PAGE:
03 Apr Interactive Speed Limit Signs Tell You To Slow Down in Montesano
New speed limit signs at the East and West entrances welcome you to Montesano, as long as you’re not speeding. If you haven’t been by lately, Police Chief Brett Vance explains “They are speed radar signs that flash your active speed. They change colors from the higher speeds to the lower speeds and of course, green is good.”
The Evolis radar speed sign sits above the speed limit sign and shows your speed on a tri-color LED display, in red if you’re speeding, and green if not. Below that, a two-line reader board tells you to “SLOW DOWN” until you’ve reached 25, then Welcomes you to Montesano.
Vance said system frees up his officers, “You know our goal isn’t to go out and write tickets every day. Unfortunately, it’s a part of our job to enforce traffic laws but if we can get people to slow down without enforcement action; even better.” He couldn’t say exactly how much he’s saved the city by not having to place an officer in those locations all day, but he quickly agreed it was more than the $2,500 price tag per sign.
They still have their old radar trailer, but Vance said it’s just not useful anymore. He added, “Our trailer was built.” The tires go flat the batteries don’t last and it has to be towed to the scene and chained in place.
These new signs have a solar panel for charging a 12-volt battery that powers the two readouts, a radar, and a computer that allows Vance to enter any message he wants. He said any message he wants, “I’m able to change the wording, ‘Welcome to Montesano’ or course, ‘slow down’ and things like that. I can put anything on there. I hope that someday I can say ‘Congratulations Bulldogs State Champs.’ You know, ‘Merry Christmas’ I mean you can change it for holidays.”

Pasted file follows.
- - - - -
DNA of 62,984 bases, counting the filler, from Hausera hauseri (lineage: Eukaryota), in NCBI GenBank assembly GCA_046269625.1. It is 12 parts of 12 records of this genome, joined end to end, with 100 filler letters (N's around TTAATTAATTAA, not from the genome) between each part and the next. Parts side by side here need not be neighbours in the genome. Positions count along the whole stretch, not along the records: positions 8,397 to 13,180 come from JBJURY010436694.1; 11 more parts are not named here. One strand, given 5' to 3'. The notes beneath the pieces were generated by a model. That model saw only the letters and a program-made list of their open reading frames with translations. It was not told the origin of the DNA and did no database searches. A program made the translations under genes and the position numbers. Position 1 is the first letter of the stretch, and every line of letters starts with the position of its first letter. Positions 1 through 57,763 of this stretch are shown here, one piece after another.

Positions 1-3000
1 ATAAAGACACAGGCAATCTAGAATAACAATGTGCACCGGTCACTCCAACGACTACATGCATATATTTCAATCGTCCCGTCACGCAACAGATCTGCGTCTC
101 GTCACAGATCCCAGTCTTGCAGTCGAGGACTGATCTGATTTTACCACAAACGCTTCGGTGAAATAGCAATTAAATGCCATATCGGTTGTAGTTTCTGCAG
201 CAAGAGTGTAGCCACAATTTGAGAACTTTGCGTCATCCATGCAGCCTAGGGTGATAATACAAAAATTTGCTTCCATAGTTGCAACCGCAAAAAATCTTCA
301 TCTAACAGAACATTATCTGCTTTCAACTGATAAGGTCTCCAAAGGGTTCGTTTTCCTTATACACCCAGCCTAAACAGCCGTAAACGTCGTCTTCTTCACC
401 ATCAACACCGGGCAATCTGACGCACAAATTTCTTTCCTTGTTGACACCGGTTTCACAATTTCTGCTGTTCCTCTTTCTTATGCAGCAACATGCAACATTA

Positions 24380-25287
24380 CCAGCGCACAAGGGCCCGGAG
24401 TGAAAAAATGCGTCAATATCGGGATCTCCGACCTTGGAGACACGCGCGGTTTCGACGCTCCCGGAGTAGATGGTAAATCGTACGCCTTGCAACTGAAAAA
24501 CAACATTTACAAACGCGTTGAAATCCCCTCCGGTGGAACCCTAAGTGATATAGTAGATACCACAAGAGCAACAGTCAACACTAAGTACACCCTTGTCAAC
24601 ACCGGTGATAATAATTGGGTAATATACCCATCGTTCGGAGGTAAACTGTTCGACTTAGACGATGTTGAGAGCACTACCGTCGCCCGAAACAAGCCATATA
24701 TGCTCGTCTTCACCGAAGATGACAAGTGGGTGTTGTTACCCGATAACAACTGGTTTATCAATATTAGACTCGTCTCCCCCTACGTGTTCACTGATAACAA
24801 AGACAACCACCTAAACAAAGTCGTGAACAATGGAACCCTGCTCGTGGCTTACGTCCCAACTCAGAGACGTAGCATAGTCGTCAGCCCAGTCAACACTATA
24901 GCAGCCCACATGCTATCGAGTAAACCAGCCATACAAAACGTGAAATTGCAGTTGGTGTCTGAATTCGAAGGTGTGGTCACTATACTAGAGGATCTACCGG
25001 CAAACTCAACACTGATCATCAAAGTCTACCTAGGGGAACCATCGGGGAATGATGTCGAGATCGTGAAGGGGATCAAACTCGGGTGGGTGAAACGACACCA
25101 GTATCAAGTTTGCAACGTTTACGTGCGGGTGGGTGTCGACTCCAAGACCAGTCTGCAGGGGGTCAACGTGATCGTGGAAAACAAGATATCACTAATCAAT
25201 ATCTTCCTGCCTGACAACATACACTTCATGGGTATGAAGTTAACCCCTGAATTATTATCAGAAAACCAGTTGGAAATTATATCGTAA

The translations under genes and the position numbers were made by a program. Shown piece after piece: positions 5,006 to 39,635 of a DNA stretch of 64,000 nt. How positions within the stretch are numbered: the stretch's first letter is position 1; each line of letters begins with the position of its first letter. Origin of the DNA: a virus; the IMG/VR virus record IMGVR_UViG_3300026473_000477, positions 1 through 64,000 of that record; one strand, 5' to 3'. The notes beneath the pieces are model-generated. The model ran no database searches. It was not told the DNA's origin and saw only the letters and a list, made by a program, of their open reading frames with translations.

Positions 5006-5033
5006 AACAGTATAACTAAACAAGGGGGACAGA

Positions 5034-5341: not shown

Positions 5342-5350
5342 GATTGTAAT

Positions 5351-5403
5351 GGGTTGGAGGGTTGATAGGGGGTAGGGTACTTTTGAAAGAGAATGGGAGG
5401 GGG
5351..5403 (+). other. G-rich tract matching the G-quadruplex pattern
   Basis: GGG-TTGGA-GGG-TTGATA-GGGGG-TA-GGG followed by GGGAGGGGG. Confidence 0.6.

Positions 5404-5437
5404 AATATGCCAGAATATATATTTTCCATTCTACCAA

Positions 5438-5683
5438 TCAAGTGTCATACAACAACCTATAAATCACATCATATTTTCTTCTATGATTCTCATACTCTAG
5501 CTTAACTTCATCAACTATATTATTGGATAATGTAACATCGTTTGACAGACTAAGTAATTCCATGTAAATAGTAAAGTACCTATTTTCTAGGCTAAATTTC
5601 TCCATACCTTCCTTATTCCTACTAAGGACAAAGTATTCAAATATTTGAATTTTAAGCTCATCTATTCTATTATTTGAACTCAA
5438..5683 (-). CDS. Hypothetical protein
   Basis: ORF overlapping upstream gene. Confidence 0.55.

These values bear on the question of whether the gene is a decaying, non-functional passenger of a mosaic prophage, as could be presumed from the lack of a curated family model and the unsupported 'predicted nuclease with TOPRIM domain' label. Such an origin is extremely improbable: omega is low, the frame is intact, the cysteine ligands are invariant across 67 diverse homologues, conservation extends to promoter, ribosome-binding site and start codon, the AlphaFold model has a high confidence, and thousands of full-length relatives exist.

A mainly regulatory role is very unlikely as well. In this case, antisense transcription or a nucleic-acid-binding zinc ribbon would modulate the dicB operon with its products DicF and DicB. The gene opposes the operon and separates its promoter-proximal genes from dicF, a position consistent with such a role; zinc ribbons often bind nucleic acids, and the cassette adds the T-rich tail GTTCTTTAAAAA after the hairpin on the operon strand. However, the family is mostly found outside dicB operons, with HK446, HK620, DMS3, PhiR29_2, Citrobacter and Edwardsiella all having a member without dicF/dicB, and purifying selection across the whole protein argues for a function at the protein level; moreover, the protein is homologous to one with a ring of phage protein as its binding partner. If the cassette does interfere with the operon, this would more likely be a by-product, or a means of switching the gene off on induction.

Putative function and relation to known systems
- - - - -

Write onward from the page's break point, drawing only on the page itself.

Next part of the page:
If you’re using this time to ask about the placement of the signs, Vance notes that the speed limit everywhere in Montesano is 25 MPH. And on the condition of the roads; the repairs to Pioneer were stalled by the weather as we reported in October.
The signs also keep track of all the traffic that passes them, putting a traffic study at the chief’s fingertips. The signs were partially funded by a grant from the Grays Harbor Community Foundation last year. Vance said his department matched those funds and purchased the poles.
The chief said he’s working on getting more, “Yeah, I’m excited about it, I’m excited to get more of them around town I think it’s definitely a good community thing.” He’s hoping to go out for another grant to fund more, the first at the State Route 107 entrance into the city, followed by one at each end of Beacon Avenue and eventually one or two on McBride.